Contaminants are toxic substances that can harm fish, wildlife, plants
and people. Some environmental contaminants (including mercury, cadmium
and other metals) occur naturally in the environment. Human activities
can release these elements to the surrounding landscape. Natural deposits
can also serve as sources of these elements. Regardless of their source,
elevated concentrations of these contaminants can have adverse affects
on biological resources.
A wide variety of chemical compounds are also used by society on
a regular basis. These compounds can be released into the natural
environment through spills, permitted discharges and other sources.
While some chemical compounds are virtually non-toxic, others affect
fish and wildlife when concentrations exceed a certain threshold.
Thresholds of concern differ among contaminant types and (individual)
organisms differ in their sensitivity to various contaminants. In
addition, the length of time an individual is exposed often influences
the degree of any adverse effect.
Some contaminants accumulate to a greater degree in predatory species.
Concentrations of some contaminants magnify through food chains, with
higher concentrations at the “top” of the food chain or
The field of environmental toxicology continues to evolve at a rapid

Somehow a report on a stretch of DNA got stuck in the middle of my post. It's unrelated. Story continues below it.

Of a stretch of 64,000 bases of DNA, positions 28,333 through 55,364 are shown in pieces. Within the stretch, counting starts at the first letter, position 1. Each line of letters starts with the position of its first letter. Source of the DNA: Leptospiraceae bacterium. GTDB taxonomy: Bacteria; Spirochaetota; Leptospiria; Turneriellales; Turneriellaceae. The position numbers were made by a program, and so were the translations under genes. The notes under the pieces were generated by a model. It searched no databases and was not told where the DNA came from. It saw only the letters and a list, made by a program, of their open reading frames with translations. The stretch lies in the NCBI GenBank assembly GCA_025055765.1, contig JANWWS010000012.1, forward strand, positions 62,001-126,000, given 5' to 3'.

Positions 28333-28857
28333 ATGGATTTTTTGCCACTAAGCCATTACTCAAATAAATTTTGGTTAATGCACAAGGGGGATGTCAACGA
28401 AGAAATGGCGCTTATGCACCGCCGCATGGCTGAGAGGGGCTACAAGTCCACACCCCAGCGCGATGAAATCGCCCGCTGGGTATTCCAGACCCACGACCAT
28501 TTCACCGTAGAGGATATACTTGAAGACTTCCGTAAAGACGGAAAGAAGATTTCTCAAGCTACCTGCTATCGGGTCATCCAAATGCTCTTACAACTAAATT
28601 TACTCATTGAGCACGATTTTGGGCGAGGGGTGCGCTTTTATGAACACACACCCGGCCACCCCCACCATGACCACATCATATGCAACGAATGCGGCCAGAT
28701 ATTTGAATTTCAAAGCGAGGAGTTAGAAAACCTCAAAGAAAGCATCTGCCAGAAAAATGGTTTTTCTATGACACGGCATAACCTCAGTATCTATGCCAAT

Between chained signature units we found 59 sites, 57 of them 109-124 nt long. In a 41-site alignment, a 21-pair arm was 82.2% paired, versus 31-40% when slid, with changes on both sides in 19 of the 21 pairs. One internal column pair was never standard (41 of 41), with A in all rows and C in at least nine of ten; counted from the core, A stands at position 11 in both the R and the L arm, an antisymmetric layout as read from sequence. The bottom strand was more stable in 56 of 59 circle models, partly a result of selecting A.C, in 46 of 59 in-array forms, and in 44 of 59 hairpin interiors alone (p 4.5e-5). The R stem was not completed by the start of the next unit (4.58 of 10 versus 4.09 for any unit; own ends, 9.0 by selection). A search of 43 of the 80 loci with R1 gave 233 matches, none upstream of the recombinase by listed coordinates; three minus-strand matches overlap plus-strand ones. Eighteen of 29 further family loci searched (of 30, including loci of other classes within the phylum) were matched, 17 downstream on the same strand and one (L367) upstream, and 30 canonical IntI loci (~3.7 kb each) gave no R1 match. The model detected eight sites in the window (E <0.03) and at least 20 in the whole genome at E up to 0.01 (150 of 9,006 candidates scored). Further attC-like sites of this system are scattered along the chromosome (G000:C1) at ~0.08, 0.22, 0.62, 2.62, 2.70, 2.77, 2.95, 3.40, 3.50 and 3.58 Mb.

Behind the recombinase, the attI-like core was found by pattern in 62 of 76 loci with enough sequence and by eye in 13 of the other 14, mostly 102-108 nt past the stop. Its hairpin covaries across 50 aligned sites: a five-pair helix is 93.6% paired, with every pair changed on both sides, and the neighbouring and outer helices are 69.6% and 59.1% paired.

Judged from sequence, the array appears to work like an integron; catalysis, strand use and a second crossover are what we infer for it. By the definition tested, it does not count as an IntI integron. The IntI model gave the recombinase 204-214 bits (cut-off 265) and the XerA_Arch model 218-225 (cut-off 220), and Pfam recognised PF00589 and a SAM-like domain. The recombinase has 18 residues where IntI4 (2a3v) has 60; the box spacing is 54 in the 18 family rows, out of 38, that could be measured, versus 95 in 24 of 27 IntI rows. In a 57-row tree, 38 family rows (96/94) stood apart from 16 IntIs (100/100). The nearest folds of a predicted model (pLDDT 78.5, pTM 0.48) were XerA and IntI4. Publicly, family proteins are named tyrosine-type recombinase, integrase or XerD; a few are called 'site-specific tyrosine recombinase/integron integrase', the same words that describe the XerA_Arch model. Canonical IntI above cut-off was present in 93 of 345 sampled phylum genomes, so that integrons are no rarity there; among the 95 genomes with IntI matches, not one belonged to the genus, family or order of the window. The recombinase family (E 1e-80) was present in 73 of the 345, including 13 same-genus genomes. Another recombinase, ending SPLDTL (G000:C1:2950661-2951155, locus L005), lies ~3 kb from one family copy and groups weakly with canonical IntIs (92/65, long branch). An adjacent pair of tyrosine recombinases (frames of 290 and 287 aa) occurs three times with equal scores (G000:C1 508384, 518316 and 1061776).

pace. New scientific studies are published every year, and with new
research comes better understanding of how contaminants affect various
species. Many factors are still poorly understood, for example little
is known about the effects of chemical mixtures and the implications
of long-term exposure to low levels of contaminants.
The U.S. Fish and Wildlife Service has been involved
with studying the effects of environmental contaminants on fish and
wildlife for several decades. As the main federal agency dedicated to
protecting wildlife and their habitat from pollution’s harmful
effects, the Service maintains an Environmental
with more than 75 offices around the country.
The Service’s major responsibilities include the conservation
of migratory birds, management of more than 500 national wildlife refuges,
enhancement of fish and wildlife habitat, management and restoration
of interjurisdictional fisheries, and recovery of endangered species.
Significant issues for the Environmental Contaminants Program in
Alaska includes study of contaminants in the Arctic, study of contaminants
in wildlife harvested for subsistence, evaluating the effects of contaminants in threatened,
endangered and declining species, identification and cleanup of contaminants
on National Wildlife Refuges, responding to oil and hazardous materials
spills that affect trust resources, and restoration of species and
their habitats injured by contaminant spills or releases.